The Prince George's County Council yesterday passed legislation requiring criminal offenders in local rehabilitation programs to register with police in an attempt to get a handle on how many programs are operating.

Officials discovered this year that the programs were not required to register with the county after two juvenile offenders from the District were shot to death in a Mount Rainier apartment complex where they had been assigned to live as part of a court-ordered rehabilitation and housing program.

Council member Peter A. Shapiro (D-Brentwood), whose district includes Mount Rainier, said he had no idea that the program was operating out of the complex.

"This will provide the police and community leaders with a tool to help us figure out how many alternative sentencing programs there are," said Shapiro, who sponsored the legislation. "My fear is that there is an overabundance of programs like this in neighborhoods like mine."

The bill applies to juvenile and adult offenders from Prince George's County and other jurisdictions who have been ordered by a court to participate in supervised rehabilitation and housing programs in the county as an alternative to jail.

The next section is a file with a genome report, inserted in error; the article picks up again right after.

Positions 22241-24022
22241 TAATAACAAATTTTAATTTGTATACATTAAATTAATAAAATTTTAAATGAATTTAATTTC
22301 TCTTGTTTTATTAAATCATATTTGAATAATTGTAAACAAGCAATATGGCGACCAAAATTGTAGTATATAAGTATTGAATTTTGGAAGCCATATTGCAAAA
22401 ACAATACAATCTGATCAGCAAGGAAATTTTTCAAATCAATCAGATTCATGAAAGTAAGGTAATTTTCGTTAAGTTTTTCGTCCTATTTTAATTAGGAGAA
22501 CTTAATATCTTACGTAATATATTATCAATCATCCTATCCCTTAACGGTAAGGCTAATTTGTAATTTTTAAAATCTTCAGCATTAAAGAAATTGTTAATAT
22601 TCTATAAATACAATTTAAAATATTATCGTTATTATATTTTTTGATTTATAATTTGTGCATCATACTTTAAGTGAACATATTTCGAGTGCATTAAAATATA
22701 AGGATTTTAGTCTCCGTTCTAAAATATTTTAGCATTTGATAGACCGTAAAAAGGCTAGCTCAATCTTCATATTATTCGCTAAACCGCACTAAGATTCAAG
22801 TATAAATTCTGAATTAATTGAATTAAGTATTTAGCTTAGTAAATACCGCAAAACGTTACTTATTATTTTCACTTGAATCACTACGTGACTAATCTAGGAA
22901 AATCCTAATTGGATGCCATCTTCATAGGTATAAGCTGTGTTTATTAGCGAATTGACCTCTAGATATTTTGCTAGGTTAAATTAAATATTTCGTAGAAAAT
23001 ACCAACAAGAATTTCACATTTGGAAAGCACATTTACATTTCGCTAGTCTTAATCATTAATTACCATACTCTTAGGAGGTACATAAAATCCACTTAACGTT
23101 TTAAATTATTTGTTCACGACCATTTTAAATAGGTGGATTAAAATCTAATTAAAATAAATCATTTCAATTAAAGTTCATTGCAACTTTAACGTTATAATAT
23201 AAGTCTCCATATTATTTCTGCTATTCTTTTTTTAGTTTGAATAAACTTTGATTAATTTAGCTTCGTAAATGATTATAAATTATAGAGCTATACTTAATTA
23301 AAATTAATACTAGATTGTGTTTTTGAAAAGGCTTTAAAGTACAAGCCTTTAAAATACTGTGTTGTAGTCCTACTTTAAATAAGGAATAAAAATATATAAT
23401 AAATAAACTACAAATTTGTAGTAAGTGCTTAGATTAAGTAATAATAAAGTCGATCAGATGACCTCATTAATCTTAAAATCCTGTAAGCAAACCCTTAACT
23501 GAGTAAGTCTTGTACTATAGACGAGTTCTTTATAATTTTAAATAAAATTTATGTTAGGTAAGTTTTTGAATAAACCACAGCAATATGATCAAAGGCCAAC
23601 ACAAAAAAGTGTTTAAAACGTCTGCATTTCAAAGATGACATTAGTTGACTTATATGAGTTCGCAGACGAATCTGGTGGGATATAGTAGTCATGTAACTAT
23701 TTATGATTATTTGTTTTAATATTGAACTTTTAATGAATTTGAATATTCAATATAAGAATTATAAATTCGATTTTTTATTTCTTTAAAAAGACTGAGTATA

It also requires the programs to register and to notify county police within 24 hours when courts send new offenders to them.

The teenagers who were killed in Mount Rainier, 17-year-old Tron Giovonnie Lindsey and 18-year-old Tyrone Wallace, had been ordered by D.C. Superior Court to participate in the 24-hour supervision program managed by Educational Solutions Academy Inc. The company operated 12 apartments for young men and women in the sprawling Queenstown complex.

So-called interstate compacts between the District and Maryland required program administrators to notify the Maryland Department of Juvenile Justice when the teenagers were sent to the Mount Rainier program. But nothing required the county to be notified.

That will change with the new measure, which passed 9 to 0.

"If the District of Columbia is going to send their criminals to residential programs in Prince George's County, we certainly ought to have an opportunity to know about it," said council member Thomas R. Hendershot (D-New Carrollton).